Traditional drum beater in Srinagar, Nazir Ahmad (Photo/ANI)
Traditional drum beater in Srinagar, Nazir Ahmad (Photo/ANI)

'Sehar khan', traditional Ramadan drum beaters, still playing their role in Srinagar

ANI | Updated: May 07, 2021 13:54 IST

Srinagar (Jammu and Kashmir) [India], May 7 (ANI): Amid the ongoing holy month of Ramadan, traditional drummers -- known as Sehar Khans in Srinagar -- have been carrying on with the ritual of waking up people by beating drums for Sehri, the pre-dawn meal before the fasting day.
In the era of technology, when many people rely on alarm features on various gadgets, these traditional drum beaters make it a point to continue the legacy.
A traditional drum beater in Srinagar, Nazir Ahmad spoke to ANI and said, "These days people rely on alarm features on their mobile phones, but this is our old custom. I wake up at 2.30 am to go around the city beating drums."
Some people step out to thank the drum beaters for waking them up, said Nazir.
"People thank us and say that it reminds them of the old times. Some people stand in their balconies and applaud," he said.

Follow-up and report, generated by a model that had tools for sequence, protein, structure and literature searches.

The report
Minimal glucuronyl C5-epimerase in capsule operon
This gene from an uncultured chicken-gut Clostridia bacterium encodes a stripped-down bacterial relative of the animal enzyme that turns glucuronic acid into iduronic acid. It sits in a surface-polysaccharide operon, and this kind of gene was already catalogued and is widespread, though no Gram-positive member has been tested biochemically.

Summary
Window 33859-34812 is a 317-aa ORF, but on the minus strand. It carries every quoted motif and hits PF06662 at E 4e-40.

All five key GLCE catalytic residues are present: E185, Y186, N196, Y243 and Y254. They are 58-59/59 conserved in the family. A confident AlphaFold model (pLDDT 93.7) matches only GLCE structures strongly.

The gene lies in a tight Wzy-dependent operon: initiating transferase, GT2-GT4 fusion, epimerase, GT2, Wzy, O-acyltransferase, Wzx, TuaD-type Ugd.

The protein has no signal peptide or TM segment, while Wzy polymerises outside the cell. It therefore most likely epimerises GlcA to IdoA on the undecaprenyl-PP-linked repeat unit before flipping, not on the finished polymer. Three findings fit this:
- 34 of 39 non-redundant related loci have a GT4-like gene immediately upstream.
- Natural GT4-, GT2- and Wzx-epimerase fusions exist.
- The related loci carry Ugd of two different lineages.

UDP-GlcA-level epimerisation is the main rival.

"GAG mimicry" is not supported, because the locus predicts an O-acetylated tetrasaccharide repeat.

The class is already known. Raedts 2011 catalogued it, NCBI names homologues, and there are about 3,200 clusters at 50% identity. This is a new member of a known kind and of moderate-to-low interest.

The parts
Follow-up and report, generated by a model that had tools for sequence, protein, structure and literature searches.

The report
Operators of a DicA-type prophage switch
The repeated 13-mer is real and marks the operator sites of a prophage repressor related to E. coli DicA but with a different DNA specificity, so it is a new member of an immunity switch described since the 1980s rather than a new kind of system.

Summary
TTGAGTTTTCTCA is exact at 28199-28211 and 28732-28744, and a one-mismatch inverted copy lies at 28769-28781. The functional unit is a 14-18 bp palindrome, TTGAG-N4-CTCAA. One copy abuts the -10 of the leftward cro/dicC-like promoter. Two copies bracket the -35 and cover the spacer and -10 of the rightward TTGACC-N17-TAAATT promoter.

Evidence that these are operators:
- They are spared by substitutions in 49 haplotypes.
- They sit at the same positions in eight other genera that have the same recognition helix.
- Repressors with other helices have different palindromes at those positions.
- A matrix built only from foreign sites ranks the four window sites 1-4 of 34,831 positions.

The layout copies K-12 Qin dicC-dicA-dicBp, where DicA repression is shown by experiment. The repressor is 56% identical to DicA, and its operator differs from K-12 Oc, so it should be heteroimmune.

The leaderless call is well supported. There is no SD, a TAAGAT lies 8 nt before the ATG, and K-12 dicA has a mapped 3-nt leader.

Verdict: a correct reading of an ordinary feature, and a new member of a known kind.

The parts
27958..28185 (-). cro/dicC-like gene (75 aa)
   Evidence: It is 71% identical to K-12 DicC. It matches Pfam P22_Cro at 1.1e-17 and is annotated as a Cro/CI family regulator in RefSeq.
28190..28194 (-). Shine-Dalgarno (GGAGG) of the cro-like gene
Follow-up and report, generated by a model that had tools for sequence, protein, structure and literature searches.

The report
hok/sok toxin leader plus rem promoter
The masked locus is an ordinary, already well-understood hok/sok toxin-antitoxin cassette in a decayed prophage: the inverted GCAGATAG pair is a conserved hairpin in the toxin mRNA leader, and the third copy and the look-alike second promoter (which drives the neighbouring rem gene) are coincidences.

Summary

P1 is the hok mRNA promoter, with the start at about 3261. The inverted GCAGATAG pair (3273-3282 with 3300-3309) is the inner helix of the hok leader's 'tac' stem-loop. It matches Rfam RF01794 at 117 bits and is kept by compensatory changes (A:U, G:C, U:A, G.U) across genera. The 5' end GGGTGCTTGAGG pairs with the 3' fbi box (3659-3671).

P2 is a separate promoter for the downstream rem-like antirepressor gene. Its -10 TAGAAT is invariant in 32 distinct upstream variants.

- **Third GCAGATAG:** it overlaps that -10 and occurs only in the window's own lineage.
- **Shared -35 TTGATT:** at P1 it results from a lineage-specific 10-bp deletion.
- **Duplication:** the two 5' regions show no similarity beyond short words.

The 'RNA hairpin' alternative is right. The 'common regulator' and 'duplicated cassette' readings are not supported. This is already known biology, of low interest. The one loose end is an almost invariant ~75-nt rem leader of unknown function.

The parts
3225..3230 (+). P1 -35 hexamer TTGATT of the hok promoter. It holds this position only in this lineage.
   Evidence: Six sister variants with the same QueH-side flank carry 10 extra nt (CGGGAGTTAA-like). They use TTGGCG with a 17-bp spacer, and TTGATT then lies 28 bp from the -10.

Usually, Nazir steps out alone when the sky is still dark but is sometimes accompanied by his younger brother.
"My father did this drum-beating ritual during Ramadan for over 35 years. After he died, I continued the ritual. It has been 20 years since," he added.
Tufail Ahmad, Nazir's younger brother said, "Sehar Khani was performed by our fathers and grandfathers and we continue to do this. There are several Sahar Khans in various districts."
Umar Rashid, a local resident in the area said, "Sehar Khani is very important to us. This has continued for 400-500 years. Even in this age of modernisation when people have mobile phones to set alarms and mosques have speakers, the drum beaters have continued the ritual. This is the main point of attraction in the month of Ramadan."
With modernisation and constantly changing lifestyles, Rashid has lost hope that this custom will be witnessed by coming generations.
"I hope the tradition continues. But looking at the current circumstances and lifestyle, it is difficult to imagine that the tradition will continue," he concluded. (ANI)